Last Bank Holiday Monday, on 25th August at Beacon Hill Country Park in Leicestershire, an event took place that ought to have
captured the attention and imagination of many a
enthusiast. That event was the National Forest Wood Fair 2014, which having first been held in 2005, marked its 10th anniversary this year. The National Forest Wood Fair is organised by Leicestershire County Council and the National Forest Company and is a celebration of all things trees, timber and woodland. However, it is in many ways also a celebration of The National Forest itself, which is one of the boldest environmental projects seen in Britain. That project saw some 200 square miles of new forest created across an area of Derbyshire, Leicestershire and Staffordshire that was once one of the least wooded in the United Kingdom.
The area covered by The National Forest is now a beautiful landscape and a habitat for wildlife, not to mention supporting a thriving woodland economy. The National Forest Wood Fair itself, meanwhile,
this year offered its visitors the chance to climb up into the canopy of one of Beacon Hill's great oak trees, absolutely free of charge - among a host of other events of interest to woodturning professionals, amateurs
and enthusiasts and their families.
One such event was the Wood Fair Auction, at which items donated by top craftspeople and timber suppliers were auctioned off for the benefit of the UK-based
development charity TREE AID, which helps to fight poverty and encourage self-reliance via the planting of trees in the rural communities of Africa's drylands. Donated items were displayed throughout the day ahead of
the auction and included furniture, woodcraft items, chainsaw carvings and a specimen tree for the garden.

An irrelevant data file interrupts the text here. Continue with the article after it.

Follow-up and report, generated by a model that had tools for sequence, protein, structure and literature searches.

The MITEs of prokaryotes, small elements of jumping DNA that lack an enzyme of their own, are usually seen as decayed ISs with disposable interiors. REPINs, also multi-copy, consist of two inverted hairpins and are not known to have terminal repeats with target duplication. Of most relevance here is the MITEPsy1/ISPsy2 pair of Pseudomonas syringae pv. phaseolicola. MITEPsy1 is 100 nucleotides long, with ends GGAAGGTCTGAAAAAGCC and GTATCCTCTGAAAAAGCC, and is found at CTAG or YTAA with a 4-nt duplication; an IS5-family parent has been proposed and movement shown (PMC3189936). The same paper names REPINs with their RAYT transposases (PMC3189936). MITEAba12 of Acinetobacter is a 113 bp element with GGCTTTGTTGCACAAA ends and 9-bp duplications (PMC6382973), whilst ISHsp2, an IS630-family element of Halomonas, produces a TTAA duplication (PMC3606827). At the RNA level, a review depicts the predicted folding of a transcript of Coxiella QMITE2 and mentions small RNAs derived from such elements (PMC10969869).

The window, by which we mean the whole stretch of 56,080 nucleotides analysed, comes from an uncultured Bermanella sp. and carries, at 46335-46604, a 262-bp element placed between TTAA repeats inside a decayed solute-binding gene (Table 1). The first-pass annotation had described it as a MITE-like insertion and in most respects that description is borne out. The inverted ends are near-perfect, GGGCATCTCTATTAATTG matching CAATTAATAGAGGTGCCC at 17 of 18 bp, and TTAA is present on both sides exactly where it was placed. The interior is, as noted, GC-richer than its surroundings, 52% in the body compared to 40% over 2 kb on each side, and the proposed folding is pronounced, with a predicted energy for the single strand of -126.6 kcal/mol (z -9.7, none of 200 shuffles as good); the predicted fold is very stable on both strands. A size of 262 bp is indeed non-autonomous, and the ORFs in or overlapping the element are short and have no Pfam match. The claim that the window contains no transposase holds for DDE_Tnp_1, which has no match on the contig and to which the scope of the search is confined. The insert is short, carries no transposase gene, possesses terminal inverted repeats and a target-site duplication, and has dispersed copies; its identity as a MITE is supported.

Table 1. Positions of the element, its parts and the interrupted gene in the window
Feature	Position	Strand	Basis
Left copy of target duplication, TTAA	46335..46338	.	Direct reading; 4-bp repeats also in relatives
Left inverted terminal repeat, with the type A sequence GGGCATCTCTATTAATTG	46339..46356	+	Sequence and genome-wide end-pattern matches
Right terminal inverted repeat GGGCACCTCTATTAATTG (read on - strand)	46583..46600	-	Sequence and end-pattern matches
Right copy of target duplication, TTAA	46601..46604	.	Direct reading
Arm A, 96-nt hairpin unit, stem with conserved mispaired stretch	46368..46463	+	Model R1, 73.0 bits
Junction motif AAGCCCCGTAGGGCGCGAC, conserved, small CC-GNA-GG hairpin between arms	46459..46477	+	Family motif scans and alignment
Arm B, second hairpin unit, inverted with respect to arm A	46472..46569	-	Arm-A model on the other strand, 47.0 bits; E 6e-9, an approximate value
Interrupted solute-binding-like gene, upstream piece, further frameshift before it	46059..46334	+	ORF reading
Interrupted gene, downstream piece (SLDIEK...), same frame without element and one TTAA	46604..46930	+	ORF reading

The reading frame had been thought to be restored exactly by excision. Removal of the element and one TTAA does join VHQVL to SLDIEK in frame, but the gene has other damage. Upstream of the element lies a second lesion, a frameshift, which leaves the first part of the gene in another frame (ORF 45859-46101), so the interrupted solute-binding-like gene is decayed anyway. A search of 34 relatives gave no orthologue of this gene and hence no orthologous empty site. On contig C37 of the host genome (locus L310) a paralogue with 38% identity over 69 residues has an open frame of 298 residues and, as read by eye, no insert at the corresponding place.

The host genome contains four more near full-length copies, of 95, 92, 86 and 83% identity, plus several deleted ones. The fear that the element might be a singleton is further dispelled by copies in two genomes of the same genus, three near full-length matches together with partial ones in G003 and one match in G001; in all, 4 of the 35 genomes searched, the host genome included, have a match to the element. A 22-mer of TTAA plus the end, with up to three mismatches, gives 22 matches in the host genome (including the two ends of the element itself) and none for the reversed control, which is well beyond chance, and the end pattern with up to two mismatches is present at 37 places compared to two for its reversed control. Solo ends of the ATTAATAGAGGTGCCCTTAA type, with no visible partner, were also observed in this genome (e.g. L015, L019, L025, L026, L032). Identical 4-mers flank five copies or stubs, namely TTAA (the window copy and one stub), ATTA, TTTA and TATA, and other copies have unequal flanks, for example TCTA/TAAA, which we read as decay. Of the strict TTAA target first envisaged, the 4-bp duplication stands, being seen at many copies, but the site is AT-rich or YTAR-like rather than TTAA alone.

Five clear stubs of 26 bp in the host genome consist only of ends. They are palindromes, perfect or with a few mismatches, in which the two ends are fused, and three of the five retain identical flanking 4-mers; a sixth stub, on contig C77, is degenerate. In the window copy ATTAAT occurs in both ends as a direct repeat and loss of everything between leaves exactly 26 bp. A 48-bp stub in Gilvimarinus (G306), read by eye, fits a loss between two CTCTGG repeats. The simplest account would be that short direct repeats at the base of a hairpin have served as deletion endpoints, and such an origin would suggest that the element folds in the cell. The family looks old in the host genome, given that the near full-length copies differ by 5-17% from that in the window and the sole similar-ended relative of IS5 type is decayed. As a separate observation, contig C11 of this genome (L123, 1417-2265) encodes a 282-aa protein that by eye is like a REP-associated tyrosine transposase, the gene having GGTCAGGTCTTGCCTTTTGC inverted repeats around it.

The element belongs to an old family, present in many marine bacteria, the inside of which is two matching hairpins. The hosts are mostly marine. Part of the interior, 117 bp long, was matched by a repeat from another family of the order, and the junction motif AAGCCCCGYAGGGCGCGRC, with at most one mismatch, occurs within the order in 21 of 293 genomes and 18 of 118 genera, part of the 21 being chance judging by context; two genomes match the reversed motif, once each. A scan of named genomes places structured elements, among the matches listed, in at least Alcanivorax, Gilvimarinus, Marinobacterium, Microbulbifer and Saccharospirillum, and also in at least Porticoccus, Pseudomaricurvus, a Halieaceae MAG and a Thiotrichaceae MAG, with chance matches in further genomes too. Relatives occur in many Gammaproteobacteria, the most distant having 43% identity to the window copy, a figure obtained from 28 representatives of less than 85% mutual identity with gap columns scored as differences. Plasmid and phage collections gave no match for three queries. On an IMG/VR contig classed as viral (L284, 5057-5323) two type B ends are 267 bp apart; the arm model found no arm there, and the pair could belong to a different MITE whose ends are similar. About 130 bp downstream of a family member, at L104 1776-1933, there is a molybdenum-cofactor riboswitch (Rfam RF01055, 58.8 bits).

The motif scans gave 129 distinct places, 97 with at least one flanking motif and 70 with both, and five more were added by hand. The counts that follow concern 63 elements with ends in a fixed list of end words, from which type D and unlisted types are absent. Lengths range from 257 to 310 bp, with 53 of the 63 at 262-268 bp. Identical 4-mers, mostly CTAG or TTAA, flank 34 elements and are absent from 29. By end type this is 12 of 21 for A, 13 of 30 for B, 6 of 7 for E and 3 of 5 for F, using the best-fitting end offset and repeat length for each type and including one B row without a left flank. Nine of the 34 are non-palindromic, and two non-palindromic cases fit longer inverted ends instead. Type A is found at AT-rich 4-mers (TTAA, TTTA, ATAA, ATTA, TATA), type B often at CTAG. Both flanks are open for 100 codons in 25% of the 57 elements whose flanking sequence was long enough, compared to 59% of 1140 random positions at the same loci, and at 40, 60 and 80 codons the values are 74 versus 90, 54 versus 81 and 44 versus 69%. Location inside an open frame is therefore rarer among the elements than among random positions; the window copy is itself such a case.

Other events taking place at this year's National Forest Wood Fair that simply couldn't be
missed by those with or without an interest in woodturning ranged from chainsaw carving and a lumberjack show to the Forest Food Festival and the Horse Logging Corral. The latter was the perfect opportunity for visitors
to watch heavy horses haul timber and learn how this centuries-old working method retains its relevance today.
Certainly, our woodturning material and tools customers here at The ToolPost would have
taken a particular interest in the many woodlands crafts and forestry displays, to say nothing of the series of woodworking masterclasses in the stage tent, featuring three leading craftsmen. David Richardson is a
teacher of woodturning whose recent projects include the Mountsorrel Railway Project, the Great Central Railway and the National Trust at Stoneywell in Ulverscroft; Mike Painter is a woodcarver and advocate of Henry
Taylor woodcarving tools (available from The ToolPost); and Mike Abbott is an evangelist for all aspects of Green Woodworking who has done so much to bring these traditional skills to the attention of the public – and
indeed has educated a new generation of woodworkers in those skills.
It was certainly an event we thought offered plenty to savour for any lover of all things woodturning - and here at The ToolPost, we
can't wait to see it return for its 11th running next year.